Xylomatron is a robot that you can play a Simon Says style game, through a xylophone interface. The robot has 2 arms that allows it to play 8 different notes on the xylophone. It will play a sequence of notes and expect you to repeat it. It adds a new note to the sequence each level to increase the challenge.
To control the robot, we have used an Ardweeny, a lovely arduino clone from Solarbotics.
There are 6 servos in total, 4 mini (arms) and 2 micro (neck).
The robot is tracking the notes you play through a simple contact point setup. The stick closes a circuit that has a certain resistance value, depending on the note you hit.
The hull is handmade and the material we have used is a PVC Foam called Sintra (again, from Solarbotics).
In addition to the sound made through the xylophone, we have added a speaker on top of the robot to simulate the note digitally.
Here, some photos from the development (click to enlarge):
A video from the Speedshow in Rotterdam:
Some photos from the 7dx Demo Party:
And, an additional video, the first tests of the robot during the development process:
This is the prototype of our new project. Most of its functions are secret for now, but basically this is a robot built to navigate on a desk environment without falling down or bumping in to objects.
It is communicating with your computer through bluetooth to accomplish various tasks.
As the last piece of information I will tell for now, the robot is able to organize your items on your desk in a virtual grid to keep your desk clean. (isn’t that what we all need?)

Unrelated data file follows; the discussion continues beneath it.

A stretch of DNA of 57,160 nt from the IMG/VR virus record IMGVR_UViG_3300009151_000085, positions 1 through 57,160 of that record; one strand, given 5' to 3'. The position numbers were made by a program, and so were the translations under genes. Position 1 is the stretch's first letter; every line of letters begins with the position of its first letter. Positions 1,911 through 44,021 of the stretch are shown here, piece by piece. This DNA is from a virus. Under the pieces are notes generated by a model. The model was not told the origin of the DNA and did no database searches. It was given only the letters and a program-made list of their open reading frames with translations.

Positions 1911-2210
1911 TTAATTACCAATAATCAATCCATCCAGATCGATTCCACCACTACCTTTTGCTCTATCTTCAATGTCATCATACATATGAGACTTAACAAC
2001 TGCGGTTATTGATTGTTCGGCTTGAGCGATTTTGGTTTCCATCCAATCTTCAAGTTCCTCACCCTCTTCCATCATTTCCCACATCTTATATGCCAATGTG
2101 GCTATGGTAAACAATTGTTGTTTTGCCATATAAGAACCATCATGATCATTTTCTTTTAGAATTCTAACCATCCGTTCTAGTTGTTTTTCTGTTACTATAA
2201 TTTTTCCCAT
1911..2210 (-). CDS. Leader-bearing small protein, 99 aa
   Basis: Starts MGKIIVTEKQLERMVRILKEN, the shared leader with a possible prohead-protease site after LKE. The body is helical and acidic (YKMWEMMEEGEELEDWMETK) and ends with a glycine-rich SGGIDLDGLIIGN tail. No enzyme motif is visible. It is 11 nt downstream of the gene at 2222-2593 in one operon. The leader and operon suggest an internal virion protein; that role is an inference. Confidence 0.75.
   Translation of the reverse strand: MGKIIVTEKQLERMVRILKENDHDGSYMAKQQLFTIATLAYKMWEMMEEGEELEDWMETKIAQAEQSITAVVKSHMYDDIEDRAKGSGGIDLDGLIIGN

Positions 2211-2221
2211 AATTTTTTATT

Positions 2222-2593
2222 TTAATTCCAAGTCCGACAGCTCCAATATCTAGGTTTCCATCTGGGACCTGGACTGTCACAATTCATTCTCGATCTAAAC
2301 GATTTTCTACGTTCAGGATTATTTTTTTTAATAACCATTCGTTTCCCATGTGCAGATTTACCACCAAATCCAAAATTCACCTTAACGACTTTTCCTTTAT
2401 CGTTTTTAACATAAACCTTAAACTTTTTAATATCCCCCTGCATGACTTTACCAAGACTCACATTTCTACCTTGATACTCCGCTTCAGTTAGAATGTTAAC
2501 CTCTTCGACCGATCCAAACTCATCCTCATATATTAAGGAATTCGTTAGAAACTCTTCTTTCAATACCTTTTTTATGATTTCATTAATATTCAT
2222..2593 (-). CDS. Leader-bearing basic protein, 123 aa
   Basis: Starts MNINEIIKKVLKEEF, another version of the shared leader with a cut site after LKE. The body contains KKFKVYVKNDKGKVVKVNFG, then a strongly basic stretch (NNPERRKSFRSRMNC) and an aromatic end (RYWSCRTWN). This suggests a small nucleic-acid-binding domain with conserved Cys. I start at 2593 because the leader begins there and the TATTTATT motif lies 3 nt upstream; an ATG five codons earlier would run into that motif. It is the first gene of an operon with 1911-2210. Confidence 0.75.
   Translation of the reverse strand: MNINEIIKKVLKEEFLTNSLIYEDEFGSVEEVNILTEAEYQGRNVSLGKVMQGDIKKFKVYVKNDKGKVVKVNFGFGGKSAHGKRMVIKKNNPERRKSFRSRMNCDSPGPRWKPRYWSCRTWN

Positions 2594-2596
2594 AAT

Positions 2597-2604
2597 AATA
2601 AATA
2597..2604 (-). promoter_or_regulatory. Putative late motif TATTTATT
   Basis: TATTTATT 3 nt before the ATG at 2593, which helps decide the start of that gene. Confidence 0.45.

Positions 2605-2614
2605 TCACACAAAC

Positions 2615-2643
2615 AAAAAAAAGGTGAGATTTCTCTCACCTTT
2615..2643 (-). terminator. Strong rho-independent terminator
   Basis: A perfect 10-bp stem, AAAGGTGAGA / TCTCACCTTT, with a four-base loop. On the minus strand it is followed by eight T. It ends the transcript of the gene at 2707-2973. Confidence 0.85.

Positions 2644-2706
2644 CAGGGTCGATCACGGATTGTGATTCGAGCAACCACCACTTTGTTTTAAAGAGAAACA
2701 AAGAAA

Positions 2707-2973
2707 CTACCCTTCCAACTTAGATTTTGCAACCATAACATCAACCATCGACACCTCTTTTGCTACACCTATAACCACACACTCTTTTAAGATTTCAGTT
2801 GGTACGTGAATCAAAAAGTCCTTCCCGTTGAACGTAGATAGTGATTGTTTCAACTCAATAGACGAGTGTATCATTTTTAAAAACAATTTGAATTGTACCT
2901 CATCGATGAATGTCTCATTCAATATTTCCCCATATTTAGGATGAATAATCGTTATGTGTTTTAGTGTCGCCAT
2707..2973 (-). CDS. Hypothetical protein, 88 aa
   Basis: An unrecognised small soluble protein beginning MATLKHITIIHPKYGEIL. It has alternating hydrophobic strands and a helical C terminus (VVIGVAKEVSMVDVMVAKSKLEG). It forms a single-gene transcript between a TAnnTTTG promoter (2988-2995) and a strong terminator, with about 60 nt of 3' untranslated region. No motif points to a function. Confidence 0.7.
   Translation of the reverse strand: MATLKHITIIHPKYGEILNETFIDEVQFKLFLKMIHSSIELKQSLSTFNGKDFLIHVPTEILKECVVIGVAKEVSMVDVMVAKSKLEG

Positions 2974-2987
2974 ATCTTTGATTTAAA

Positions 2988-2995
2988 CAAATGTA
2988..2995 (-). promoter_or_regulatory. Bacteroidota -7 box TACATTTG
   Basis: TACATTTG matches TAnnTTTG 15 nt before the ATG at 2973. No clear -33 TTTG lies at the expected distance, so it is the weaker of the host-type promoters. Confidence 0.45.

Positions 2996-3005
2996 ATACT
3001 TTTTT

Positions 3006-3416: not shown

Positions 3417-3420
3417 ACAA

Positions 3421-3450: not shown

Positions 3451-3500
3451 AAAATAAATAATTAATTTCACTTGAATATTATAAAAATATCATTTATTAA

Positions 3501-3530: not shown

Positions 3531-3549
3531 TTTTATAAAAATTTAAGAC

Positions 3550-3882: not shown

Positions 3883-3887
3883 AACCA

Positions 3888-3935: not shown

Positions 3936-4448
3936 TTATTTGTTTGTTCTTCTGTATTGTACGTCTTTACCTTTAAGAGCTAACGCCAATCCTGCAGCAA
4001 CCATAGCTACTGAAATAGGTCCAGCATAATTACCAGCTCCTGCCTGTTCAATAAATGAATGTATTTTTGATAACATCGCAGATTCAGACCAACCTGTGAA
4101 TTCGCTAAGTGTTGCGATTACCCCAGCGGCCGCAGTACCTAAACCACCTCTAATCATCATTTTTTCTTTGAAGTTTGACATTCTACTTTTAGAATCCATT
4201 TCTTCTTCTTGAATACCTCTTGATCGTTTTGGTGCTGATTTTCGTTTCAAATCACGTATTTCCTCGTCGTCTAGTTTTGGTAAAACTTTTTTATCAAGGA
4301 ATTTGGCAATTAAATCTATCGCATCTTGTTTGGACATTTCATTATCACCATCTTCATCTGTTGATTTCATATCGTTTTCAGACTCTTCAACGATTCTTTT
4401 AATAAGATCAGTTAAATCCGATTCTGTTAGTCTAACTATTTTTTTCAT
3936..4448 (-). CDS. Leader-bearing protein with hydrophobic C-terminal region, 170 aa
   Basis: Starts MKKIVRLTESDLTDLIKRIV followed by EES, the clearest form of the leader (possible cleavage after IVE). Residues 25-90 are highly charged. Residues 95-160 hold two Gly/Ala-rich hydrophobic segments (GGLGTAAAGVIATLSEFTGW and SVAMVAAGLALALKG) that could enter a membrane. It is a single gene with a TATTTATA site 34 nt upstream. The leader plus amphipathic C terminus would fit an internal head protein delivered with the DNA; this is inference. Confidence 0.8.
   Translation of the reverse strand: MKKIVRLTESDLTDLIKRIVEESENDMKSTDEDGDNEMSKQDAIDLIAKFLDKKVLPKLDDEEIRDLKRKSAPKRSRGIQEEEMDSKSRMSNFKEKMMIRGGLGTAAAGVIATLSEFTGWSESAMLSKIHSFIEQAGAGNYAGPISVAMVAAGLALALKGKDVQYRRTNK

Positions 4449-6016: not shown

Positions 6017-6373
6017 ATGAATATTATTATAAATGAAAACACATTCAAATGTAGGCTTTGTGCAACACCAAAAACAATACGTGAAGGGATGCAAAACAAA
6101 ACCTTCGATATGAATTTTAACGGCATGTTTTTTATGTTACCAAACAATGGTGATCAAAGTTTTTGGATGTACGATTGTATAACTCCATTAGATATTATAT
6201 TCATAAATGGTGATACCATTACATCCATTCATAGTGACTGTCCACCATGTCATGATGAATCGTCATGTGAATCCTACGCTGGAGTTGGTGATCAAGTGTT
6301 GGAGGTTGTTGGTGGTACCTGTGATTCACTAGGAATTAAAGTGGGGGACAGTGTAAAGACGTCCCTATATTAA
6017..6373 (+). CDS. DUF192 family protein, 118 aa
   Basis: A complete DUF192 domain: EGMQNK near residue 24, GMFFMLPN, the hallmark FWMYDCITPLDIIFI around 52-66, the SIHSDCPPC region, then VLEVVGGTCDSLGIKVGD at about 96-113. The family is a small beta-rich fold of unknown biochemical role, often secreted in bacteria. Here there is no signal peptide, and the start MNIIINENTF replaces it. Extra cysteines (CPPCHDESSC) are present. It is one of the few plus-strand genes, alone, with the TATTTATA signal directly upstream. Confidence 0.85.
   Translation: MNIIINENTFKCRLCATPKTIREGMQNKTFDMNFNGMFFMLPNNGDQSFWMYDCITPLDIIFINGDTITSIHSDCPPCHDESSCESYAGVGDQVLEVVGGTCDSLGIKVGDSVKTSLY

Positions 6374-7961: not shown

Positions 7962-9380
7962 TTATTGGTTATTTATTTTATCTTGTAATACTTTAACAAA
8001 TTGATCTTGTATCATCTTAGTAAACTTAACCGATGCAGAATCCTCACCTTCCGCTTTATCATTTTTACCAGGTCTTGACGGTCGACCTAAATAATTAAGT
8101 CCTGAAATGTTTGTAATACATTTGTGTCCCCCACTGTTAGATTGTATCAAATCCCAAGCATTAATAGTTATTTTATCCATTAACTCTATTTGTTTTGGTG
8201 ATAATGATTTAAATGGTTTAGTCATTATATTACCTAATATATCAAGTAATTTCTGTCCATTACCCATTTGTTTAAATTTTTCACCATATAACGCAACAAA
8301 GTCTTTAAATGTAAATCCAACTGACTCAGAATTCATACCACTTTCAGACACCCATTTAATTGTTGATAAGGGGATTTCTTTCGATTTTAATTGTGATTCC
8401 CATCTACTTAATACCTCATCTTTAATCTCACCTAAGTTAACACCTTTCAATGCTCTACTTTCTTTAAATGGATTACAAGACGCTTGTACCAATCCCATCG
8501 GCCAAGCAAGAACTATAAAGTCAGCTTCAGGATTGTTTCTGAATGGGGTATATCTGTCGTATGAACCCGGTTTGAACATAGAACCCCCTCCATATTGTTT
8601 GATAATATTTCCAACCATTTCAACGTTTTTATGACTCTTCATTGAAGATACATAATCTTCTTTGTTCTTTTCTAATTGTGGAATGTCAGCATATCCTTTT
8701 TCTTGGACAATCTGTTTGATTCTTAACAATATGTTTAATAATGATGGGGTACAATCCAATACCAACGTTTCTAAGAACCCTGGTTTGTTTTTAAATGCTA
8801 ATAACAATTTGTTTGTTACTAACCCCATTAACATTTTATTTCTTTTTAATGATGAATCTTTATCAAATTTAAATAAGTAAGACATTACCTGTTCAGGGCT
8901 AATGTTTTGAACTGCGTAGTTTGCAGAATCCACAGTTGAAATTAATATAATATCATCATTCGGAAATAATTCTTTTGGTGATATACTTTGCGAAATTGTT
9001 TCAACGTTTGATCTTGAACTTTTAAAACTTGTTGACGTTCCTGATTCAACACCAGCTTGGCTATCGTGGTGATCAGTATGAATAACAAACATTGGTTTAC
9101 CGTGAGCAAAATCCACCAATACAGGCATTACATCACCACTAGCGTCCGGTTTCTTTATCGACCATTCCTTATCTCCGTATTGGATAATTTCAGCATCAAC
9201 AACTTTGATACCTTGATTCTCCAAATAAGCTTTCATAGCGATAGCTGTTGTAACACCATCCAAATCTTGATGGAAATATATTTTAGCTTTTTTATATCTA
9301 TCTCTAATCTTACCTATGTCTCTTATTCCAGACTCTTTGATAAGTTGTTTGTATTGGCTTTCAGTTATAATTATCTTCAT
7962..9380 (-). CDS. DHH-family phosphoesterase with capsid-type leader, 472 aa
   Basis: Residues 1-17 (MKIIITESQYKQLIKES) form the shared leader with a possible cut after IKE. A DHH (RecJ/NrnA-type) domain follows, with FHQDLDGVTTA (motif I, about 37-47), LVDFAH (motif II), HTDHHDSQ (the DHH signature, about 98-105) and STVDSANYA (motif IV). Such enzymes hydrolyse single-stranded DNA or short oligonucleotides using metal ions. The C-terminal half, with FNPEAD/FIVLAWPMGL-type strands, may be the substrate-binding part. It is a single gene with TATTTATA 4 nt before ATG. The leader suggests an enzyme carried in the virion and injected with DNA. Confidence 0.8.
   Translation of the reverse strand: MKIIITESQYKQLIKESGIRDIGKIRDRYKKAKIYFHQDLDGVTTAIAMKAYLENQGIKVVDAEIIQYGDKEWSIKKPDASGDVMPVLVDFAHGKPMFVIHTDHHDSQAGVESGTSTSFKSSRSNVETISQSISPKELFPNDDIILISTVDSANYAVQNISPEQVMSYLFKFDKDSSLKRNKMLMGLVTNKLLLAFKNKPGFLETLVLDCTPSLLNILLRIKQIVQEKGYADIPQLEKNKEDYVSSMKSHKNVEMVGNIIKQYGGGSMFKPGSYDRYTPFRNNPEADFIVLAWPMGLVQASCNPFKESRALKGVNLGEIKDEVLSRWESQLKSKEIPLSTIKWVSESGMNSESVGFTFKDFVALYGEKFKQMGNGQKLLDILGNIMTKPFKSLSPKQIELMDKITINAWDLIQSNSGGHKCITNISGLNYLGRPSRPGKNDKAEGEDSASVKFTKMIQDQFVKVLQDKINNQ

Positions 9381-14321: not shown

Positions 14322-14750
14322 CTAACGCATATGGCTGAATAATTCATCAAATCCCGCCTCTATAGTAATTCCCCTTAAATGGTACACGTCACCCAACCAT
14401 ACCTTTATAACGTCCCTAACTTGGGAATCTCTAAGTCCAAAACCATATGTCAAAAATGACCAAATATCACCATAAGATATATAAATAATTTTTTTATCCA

Here is a sensor testing video;
Well this is my first non-robot post to the blog. Tho you can consider it as a robotic project if you think that it is a device replacing a couple of human light sensor with an electronically augmented version. The goggles are mostly made of scrap material. It includes an IR sensitive small security camera, a couple of video glasses and some high-power infrared led. The rest of the goggles are from parts extracted from other broken electronic devices, including the box (which used to be the back cover of my old printer).
The working principle is simple, it uses IR lighting, which can’t be seen by naked eye, but can be seen with an IR sensitive camera. The camera projects the image to the video glasses and the result is being able to see even in complete darkness.
I’ve seen a couple of try on this subject on web, people made night vision scopes by using broken camera modules. Tho they were only providing image for a single eye, while this version is providing the image to the both eyes. Construction may be a little more expensive, but it is definitely worth it.
The purple light coming out from the leds is not visible to naked eye.
Hey there robot lovers,
The vacuum cleaner robot on the previous post is now complete and here are some pics and a video.
At the moment I am working on a docking station for the robot to charge itself and automatically clean the house every day, at the same hour. It will be awesomelicious.
This is the prototype circuit, we will print a new circuit now.
And here is a video that you can see how vacuuminator tracks items (couch and table in this example) in order to clean the edges and corners.